By SARA FISHER
To say that Hollywood eagerly awaits the broadband revolution is putting it mildly.
Broadband, which refers to technology that allows large amounts of data to be transmitted at ultra-fast speeds, has emerged as the tool most likely to turn “convergence” from a buzzword into a reality.
When that happens, expect a sea change in the economics and distribution of entertainment content.
Convergence is the melding of TV’s entertainment and the personal computer’s interactive functions. With ultra-high-speed Internet access, users would be able to call up whatever movie they want to see on demand the content would be transmitted through broadband cables to their sets.
Further, a soap opera’s followers could “e-chat” with the show’s producers about plot twists as they unfold on screen. People could actually play along with “Jeopardy!” rather than just scream out answers in their living rooms. Targeted advertisements could play to selected viewers.
And there are countless applications that haven’t even been thought of yet.
“It’s safe to say that the traditional television model is going into a free fall,” said Robert Tercek, senior vice president of digital media for Columbia-TriStar’s television division in Culver City. “Now we’re all in the process of figuring out what the new one looks like.”
Industry players have time to finesse whatever new business model emerges. Only 19 percent of online households in the United States will have broadband access by 2002, according to Jupiter Communications. Many studio executives don’t expect to see a broadband audience reach critical mass until 2004 or so.
Complicating the rollout is a familiar chicken-and-egg issue often attached to the adoption of new technology. The more compelling broadband programming is offered, the greater the consumer demand. But media companies are unwilling to spend the money to create more broadband programming until there is greater consumer demand for it.
Still, Hollywood is eyeing the new technology with great interest, and more than a few players are jumping into it.
“Two years ago, we had to explain to almost every studio what broadband is,” said Jonathan Taplin, founder of Culver City-based Intertainer Inc., one of the first broadband networks to offer entertainment-on-demand services such as movies, TV and music videos via set-top boxes. “Now we don’t have to. Any lingering doubt that this technology won’t take off is gone.”
As doubt dwindles, studios’ plans are accelerating. One of the first applications is expected to be digital copies of movies and television shows on the Internet, in which consumers could request and view programming on demand via broadband either through set-top boxes on their TVs or through their computer screens. Because studios are merely reconfiguring existing assets, the economics are highly attractive.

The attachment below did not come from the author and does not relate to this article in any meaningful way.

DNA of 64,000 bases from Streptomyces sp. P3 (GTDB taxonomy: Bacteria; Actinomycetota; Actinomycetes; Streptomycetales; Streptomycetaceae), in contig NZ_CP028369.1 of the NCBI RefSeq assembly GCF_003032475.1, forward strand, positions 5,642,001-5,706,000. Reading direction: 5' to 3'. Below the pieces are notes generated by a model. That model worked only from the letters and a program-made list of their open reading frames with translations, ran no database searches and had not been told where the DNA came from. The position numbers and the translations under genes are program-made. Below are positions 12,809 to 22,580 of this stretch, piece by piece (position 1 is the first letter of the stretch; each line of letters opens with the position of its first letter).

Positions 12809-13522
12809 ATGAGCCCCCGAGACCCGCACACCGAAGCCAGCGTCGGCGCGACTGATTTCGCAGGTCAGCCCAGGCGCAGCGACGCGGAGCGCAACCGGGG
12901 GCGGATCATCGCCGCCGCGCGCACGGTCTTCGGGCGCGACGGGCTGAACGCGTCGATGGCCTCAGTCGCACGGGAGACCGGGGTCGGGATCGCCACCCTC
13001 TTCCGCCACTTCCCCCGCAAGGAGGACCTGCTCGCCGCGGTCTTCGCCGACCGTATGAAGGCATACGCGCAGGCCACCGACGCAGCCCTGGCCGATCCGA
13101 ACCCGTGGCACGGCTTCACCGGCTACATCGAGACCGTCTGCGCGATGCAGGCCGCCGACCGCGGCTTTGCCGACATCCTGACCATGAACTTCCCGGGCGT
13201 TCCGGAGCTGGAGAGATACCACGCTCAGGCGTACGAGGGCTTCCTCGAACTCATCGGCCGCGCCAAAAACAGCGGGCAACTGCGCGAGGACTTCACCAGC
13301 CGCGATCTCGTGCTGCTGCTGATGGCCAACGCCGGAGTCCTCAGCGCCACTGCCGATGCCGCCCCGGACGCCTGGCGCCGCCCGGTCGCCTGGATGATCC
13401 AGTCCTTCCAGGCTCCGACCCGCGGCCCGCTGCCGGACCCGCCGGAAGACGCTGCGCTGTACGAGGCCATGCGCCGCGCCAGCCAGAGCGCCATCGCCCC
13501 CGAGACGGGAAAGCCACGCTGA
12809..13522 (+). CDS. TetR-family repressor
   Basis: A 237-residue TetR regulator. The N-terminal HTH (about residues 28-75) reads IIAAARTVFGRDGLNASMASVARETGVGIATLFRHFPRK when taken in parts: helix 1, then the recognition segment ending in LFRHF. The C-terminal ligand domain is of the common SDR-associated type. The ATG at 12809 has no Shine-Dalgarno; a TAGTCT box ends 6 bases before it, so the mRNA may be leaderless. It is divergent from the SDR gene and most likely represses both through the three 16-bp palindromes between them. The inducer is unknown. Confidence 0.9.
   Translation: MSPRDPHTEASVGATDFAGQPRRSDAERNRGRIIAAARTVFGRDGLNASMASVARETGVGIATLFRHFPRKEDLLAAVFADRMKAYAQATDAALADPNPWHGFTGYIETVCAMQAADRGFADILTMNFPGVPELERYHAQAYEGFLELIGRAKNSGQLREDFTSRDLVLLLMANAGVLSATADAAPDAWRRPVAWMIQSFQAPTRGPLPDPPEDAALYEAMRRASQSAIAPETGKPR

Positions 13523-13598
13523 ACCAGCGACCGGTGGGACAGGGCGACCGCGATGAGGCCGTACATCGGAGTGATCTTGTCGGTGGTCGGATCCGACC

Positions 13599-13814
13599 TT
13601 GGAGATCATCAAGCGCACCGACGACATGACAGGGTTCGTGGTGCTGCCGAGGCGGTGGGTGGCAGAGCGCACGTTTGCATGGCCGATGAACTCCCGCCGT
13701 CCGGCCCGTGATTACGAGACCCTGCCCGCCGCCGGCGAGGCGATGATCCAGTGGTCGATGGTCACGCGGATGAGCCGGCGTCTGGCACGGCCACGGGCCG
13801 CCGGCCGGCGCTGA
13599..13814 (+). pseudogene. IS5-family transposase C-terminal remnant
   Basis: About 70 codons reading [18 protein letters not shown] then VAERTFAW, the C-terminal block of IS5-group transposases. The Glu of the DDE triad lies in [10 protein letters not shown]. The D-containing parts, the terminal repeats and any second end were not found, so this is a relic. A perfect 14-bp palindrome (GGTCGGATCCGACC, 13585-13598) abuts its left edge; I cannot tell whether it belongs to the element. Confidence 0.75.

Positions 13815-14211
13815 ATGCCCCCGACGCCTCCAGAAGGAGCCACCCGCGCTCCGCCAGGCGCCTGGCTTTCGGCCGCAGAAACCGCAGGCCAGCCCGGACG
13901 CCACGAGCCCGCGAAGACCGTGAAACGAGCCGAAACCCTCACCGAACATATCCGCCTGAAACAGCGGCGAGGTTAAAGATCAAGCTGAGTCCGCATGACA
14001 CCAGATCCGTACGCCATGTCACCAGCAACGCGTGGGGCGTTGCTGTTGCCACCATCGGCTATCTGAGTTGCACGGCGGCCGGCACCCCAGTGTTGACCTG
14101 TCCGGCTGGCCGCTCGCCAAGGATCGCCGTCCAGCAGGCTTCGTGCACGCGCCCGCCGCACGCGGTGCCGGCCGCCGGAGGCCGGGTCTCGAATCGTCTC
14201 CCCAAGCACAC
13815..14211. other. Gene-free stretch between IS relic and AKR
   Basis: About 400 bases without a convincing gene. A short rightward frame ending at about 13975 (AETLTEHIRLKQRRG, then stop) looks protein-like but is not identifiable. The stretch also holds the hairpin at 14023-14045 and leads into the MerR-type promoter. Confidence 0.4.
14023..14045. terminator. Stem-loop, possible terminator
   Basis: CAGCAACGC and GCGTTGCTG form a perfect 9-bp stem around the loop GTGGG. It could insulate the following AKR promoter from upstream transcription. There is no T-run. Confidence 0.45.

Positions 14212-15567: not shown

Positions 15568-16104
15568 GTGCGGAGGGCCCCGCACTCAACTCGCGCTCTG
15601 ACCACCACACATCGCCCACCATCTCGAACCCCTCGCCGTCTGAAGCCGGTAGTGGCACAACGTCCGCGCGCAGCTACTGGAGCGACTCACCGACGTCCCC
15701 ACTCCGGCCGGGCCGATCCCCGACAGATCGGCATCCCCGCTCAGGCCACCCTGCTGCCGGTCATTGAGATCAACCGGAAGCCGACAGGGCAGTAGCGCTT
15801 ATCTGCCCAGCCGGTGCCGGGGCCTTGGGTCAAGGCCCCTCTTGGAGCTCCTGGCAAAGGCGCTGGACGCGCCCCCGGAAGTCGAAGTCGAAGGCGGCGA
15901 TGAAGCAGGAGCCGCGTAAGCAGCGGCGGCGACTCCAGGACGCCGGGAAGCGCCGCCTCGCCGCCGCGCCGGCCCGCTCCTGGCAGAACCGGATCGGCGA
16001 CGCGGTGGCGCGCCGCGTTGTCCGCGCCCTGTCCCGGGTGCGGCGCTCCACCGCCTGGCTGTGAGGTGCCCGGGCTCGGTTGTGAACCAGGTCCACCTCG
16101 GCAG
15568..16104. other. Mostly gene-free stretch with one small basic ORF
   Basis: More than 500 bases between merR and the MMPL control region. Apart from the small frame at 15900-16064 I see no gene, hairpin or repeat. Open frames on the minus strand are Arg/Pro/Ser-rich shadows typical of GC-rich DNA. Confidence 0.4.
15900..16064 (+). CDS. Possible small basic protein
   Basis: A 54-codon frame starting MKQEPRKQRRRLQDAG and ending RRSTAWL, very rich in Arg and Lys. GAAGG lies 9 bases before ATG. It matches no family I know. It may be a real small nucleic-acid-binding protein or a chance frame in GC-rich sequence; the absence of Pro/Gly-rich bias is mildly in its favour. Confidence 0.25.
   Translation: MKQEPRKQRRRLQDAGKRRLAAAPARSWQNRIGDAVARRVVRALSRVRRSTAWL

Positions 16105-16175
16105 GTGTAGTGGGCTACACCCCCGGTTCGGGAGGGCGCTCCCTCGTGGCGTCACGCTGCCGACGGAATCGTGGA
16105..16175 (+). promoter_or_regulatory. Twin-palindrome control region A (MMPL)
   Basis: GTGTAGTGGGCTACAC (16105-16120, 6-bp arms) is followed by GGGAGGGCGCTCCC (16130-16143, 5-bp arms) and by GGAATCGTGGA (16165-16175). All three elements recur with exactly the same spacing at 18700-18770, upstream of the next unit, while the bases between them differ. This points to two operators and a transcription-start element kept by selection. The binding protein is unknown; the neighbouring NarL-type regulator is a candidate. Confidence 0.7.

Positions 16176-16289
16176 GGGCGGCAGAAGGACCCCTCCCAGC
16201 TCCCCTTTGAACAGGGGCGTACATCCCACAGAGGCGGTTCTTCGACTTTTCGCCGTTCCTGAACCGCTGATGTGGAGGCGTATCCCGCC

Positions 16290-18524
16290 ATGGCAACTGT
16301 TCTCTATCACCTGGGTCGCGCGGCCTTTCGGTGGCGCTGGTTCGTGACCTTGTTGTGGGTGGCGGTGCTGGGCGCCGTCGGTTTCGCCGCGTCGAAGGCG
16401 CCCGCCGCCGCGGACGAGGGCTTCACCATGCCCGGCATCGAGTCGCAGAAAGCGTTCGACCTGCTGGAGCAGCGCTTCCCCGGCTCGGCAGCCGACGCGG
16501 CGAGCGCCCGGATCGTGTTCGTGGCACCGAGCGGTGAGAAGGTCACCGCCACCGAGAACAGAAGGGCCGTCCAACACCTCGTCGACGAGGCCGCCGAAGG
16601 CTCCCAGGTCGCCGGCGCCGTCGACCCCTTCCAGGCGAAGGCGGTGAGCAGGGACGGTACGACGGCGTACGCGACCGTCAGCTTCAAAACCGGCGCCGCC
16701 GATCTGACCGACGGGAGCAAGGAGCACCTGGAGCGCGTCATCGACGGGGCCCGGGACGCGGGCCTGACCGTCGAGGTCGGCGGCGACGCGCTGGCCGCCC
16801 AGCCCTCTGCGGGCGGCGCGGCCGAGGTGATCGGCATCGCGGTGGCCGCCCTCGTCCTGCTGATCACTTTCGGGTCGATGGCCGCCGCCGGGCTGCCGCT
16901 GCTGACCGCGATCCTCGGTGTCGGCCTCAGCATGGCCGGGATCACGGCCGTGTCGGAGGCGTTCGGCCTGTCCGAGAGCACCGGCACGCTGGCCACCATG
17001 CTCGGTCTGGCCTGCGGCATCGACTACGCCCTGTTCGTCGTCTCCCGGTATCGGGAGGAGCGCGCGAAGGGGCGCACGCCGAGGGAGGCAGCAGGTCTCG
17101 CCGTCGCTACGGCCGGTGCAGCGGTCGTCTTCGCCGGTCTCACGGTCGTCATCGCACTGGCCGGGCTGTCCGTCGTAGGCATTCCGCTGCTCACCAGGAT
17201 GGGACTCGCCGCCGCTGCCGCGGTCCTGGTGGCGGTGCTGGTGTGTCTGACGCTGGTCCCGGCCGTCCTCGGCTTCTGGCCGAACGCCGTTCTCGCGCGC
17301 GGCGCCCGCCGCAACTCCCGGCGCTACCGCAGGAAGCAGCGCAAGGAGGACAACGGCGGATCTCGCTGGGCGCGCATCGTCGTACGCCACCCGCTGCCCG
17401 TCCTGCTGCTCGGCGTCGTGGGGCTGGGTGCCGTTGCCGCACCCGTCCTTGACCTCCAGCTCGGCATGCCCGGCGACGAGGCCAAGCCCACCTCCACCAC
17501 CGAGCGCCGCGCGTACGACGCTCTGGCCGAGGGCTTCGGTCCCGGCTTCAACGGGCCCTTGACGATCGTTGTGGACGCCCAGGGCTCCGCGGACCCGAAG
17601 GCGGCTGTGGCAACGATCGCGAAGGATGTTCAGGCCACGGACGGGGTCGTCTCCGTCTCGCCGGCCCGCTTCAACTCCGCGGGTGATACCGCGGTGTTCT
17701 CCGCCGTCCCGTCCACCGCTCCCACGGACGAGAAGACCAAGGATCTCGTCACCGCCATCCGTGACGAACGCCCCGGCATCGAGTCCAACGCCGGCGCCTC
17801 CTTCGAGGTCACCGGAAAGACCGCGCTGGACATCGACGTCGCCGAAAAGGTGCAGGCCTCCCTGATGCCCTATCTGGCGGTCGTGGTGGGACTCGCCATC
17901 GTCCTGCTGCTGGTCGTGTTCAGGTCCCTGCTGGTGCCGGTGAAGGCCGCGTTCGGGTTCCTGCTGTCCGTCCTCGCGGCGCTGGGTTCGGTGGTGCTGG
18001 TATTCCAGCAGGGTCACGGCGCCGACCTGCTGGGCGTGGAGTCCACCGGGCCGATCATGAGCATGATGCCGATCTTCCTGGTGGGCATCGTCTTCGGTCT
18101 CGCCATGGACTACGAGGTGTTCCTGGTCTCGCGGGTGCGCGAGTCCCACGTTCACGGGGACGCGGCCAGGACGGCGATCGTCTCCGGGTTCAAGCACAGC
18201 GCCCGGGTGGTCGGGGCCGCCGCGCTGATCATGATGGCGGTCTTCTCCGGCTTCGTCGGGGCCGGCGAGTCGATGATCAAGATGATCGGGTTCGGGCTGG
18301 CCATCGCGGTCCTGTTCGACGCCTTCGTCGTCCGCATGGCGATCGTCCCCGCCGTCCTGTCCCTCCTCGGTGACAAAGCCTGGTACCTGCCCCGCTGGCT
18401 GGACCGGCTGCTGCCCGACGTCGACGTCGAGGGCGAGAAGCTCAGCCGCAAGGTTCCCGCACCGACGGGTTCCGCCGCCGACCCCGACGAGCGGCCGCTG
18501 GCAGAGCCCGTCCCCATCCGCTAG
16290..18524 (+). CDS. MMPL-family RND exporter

“We can’t wait to get our movies and cartoon shows out of the vault and onto broadband,” said an executive from a local studio’s digital division.
Tercek points to more creative uses of broadband’s speed and interactivity. “One application is ultra-niche programming, in which the interactive features will be the glue that holds a community together,” he said. “It can keep a viewer there for a whole hour without channel surfing.”
Viewers might even want to watch the commercials rather than going to the refrigerator or channel surfing, because those ads will be precisely the ones the audience wants to see.
Indeed, advances in technology are expected to change the way advertising works. Rather than using estimates and statistical samplings from companies like Nielsen Media Research to determine the size of an audience, media owners will be able to use actual numbers measurable by computer.
Further, it will be much easier to identify the demographics and tastes of individual viewers, making it possible to target them more precisely than ever before. So while audiences for individual shows might be smaller, distributors of those shows will be able to charge more for advertising because advertisers will be able to target only the people they most want to reach.
The current broadband television applications already seem limiting. As the world goes digital, media executives envision delivering their movies, news and music to consumers via every gadget imaginable.
Scott Ehrlich, senior vice president and executive producer for News Corp.’s electronic-publishing division, hopes to turn Fox into the leading news provider for all digital technologies, be it the Internet, television or pagers. And Taplin lists cell phones, Palm Pilots and Nintendo game consoles as possible platforms through which his company can send its content.
“It’s an image that makes some people shudder and people like us rub their hands in glee,” said one executive at a major studio. “We’ll be unavoidable.”